Home > Wine > Garden Route Shiraz 2011: Easy drinking, somewhat enigmatic…

Garden Route Shiraz 2011: Easy drinking, somewhat enigmatic…

2011 Garden Route Shiraz, made from grapes grown in the Outeniqua wine ward

“Location: Calitzdorp • Map: Klein Karoo & Garden Route • WO: Durbanville/Outeniqua • Est/1stB 2008″ reads the entry in Platter’s 2012 for Garden Route wines.

The bottle in my hand reads “Garden Route Shiraz 2011, Wine of origin Outeniqua” on the front label. The Platter entry lists the 2007 Shiraz, made from Durbanville grapes, noting that the 2011 Shiraz is made from grapes grown in the Outeniqua wine ward, one of the newer wine wards to emerge in the Southern Cape in the last few years. It’s all thoroughly confusing really. What happened to the ’08, ’09 and ’10 vintages I wonder. Where did the grapes come from ? Or did they just not get made?

The wines (I received the 2011 Shiraz and 2012 Sauvigon Blanc via courier a couple of weeks ago)  are made at De Krans in Calitzdorp, by the redoubtable Boets Nel, he of De Krans Port fame. Aside from a slew of competition honours, half the De Krans page entry in Platter’s is a solid block of red type, indicating 4 1/2 and 5 star wines, testimony to the winemaking prowess of Boets, and not just in the port and dessert wine stakes. The 2010 Touriga Nacional and the 2006 Redstone Reserve, a blend of Touriga and Cab Sauv, both crack 4 Platter stars.

So it’s entirely reasonable to expect that he should be able to put together a credible Shiraz, which if you taste the 2011, you may well agree he has done. Okay, I don’t believe it’s a 5 star wine, but it is entirely drinkable, inky garnet in colour, with a dense black fruit nose of plums and blackberries on vanilla and earthy spice notes.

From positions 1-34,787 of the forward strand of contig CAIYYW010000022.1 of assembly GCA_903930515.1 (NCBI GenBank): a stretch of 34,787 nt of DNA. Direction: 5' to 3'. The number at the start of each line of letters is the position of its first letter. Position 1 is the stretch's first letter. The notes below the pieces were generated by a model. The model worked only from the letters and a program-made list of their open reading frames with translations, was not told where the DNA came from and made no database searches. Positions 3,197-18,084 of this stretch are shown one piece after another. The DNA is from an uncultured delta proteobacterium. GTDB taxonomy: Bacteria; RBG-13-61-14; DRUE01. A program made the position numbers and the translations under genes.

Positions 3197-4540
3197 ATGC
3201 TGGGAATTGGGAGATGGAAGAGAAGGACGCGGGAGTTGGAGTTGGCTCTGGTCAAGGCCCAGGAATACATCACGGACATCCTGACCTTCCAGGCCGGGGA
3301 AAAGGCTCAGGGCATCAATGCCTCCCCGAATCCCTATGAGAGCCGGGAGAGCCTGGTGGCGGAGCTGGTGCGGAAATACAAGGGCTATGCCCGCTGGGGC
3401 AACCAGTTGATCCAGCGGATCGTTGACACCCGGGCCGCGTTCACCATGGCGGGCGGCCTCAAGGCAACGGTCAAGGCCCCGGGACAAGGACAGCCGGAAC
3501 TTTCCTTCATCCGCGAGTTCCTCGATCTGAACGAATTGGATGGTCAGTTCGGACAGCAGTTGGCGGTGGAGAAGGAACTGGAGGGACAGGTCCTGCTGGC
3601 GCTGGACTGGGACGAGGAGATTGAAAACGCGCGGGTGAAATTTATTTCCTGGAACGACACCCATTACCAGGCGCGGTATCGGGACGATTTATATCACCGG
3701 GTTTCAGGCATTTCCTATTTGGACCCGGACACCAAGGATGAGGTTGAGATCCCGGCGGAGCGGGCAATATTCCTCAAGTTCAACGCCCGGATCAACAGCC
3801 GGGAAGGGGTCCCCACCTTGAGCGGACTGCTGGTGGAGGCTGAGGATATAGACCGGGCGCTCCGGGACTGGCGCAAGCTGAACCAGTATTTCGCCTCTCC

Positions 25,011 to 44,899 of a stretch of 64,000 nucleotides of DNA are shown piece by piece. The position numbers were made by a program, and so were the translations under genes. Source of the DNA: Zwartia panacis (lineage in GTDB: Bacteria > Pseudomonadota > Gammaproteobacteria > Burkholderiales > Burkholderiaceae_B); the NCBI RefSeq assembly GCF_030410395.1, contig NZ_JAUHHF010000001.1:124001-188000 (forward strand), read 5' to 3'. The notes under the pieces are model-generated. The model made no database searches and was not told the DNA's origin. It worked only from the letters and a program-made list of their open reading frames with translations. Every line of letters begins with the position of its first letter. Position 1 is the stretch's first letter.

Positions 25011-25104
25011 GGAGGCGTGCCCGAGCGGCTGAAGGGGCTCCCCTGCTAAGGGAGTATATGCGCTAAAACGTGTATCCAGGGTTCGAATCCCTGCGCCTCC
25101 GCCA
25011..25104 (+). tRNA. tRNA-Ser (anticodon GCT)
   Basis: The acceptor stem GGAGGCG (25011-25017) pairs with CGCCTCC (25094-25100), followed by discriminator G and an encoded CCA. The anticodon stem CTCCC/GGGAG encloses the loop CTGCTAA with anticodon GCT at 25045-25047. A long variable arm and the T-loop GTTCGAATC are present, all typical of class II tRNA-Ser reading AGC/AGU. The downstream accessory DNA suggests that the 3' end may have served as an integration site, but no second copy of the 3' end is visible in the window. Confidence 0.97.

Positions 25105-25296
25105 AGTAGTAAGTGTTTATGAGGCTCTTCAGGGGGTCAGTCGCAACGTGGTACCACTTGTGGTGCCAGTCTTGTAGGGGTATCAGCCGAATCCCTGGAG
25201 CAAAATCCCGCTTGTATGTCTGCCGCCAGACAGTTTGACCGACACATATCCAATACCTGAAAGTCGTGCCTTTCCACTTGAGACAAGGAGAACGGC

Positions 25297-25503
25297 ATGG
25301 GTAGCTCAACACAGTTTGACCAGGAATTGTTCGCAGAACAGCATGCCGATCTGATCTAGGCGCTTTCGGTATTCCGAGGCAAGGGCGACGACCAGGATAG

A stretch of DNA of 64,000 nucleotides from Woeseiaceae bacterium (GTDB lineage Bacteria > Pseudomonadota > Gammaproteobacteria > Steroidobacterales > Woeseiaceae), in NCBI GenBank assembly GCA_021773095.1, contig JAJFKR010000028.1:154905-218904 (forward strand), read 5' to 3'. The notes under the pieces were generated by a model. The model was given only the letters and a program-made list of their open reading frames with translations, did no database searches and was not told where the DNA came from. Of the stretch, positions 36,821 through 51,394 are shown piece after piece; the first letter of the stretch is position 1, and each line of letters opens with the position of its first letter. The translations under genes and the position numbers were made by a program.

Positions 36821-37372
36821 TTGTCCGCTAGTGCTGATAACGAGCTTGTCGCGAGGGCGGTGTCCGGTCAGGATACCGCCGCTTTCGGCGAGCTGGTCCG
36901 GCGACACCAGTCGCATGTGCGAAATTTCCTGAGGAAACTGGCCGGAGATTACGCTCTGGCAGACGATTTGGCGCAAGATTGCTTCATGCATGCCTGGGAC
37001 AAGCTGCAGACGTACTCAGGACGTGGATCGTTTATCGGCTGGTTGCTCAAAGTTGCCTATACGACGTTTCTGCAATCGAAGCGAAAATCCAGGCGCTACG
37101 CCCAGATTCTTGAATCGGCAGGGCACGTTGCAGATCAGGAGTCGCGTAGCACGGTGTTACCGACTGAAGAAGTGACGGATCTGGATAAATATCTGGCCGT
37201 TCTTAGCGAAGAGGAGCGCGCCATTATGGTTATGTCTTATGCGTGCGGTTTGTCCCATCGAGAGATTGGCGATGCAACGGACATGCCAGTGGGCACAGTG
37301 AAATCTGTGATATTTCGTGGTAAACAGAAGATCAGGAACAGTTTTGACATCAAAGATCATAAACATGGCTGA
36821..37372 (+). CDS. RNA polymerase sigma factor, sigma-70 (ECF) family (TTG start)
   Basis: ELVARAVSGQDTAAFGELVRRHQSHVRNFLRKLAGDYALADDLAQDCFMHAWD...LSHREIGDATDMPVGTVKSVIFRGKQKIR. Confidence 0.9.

The palate speaks of surprisingly dense black fruit, with cracked black pepper notes, underpinned by gentle oak and a vanilla edge. The fruit is mouthfilling, juicy and is balanced by pleasing acidity, the tannins very soft and gentle for a 2011 wine. Ten months in 2nd and 3rd fill French barrels make for well integrated oak. I don’t believe it’ll last for ever, but I doubt it’s meant to. It’s a typical cool climate wine, with bright juicy fruit, made to drink young.

I drank it with a very mild chicken curry, not the ideal pairing I admit, but it was passable good nonetheless. It’ll do well with a traditional roast, beef or lamb, and it’ll also do great with a slab of steak, or with a typical South African braai.

Drinking well now, it retails at R92 a bottle. The 2007 gets 3 1/2 Platter stars, and the 2011 cracked best Shiraz at the Klein Karoo Young Wine Show that year.

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  1. Allwright, Felicity, Mrs fja@sun.ac.za
    October 10, 2012 at 4:10 pm

    Dear Norman

    I was very upset when I went outside to look for my Bolander at lunchtime when it normally arrives. I saw bits of paper at my neighbour accross the street, but it was not the whole paper. I went back inside and looked out from my upstairs stoep and saw something in my gutter next to my driveway. This was my Bolander which is normally put in my postbox outside, but also with a page missing (fortunately another page). Comparing the two papers, I discovered that there was no recipe in this week’s edition. I must say, I always feel cheated when there is no recipe, though there was an article on organic food which was interesting, but seeing one of my son’s is in the poultry business and I have walked round poultry and pig farms with him in the past, it was not really news to me. I am not very interested in wine, though I drink the occasional glass, but if I could never drink another one, it would not worry me at all. Please don’t skip your recipe in a future edition, you will make me sad.

    Best wishes

    Felicity Allwright

    Felicity Allwright Tel: +27 (021) 886-5105 Cell: +27 (082) 218-0818 ________________________________________

    • October 10, 2012 at 4:40 pm

      Hi Felicity,
      Unfortunately I do have to use my column from time to time, to write about food in the non-recipe sense. The organic vs conventional debate is a hot topic right now, and many of our readers seek information about it.
      Regards,
      Norman

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